The hunger issue that heavily affects Venezuela has generated compulsive anguish within the madurismo regime. This is neither temporary nor transient. It is systemic and cannot be tackled with increases of up to 60% or more of international oil prices or with sudden increases in gold, diamond and coltan production, which without environmental considerations could poison the Orinoco Basin, the most important source of water in the country. It is possible to take advantage of the gold reserves in accordance with the strict environmental measures advocated by the Mines Law Decree No. 295 GO 36687 issued on April 26, 1999. Its article 5 is quite clear, although it has never been applied. It goes like this:
"Mining activities… … will be carried out... in accordance with the principle of sustainable development, environmental conservation and land use."
Gold extraction does without any environmental impact studies. A critical outcry condemns the poisoning of the waters of the Orinoco Basin. Mercury and cyanide are doing terrible harm to them. The so-called fiscal or foreign exchange "salvation" put in the gold would be disastrous if very profound changes that cannot be seen are not applied.
Will Nicolás Maduro leave the presidency before or during the round of talks to be continued on January 12? In view of the tragic crisis the country is going through, the deep scars in both the Government and its United Socialist Party of Venezuela (PSUV), the persistent failure of a repressive solution for the crisis, the new social outburst throughout the national territory against hunger and the false promises to tackle it, and the imminence of a pari passu default with possible sanctions that would be lethal in its state, have sparked the rumor of his resignation agreed in worthy terms and under the Constitution, if feasible. It is always better to negotiate in accordance with the Constitution, both in spirit and letter, than violating it in front of everybody.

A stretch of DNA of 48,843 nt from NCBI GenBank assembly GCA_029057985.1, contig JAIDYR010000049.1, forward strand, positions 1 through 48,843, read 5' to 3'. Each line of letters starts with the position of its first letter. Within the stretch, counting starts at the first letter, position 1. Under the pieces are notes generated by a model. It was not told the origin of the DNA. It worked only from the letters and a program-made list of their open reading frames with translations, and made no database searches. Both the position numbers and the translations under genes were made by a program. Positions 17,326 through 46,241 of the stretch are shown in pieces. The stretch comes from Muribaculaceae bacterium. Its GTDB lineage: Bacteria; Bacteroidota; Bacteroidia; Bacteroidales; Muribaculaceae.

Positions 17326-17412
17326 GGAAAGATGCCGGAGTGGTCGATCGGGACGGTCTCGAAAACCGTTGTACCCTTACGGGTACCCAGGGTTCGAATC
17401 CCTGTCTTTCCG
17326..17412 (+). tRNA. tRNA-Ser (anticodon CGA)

The news became more relevant on the occasion of a meeting of Raúl Gorrín, head of local news channel Globovisión and friend of Maduro, with the Vice President of the U.S., mostly for the coverage given by Miami-based newspaper El Nuevo Herald. In the hands of Gorrín, Globovisión has maintained a certain balance that would give it the freedom to make personal diplomacy Henry Kissinger-style. On the other hand, if he made all that up knowing that it would be denied in the end, it would be good to advise him to go see a specialist in behavioral science. The other possibility is that Maduro had been aware of the matter. I don’t know that for sure.
Personally, I don’t see a solution out of the agenda drawn up by the Dominican president Danilo Medina and other facilitators. Rising up against the Constitution and the international force that has been immersed in the Venezuelan problem would be suicidal. Perhaps the angry reaction of PSUV lawmaker Diosdado Cabello against Gorrín is illustrative? Is there something in the entente cordiale between Mike Pence and Raúl Gorrín that those least interested do not want or are unable to accept?
That is their right, but sparing Venezuela from bloody outcomes is a moral obligation that requires courage. Power in Venezuela is trapped between courage and fear. But is it trapped there for good? What do you think, ladies and gentlemen?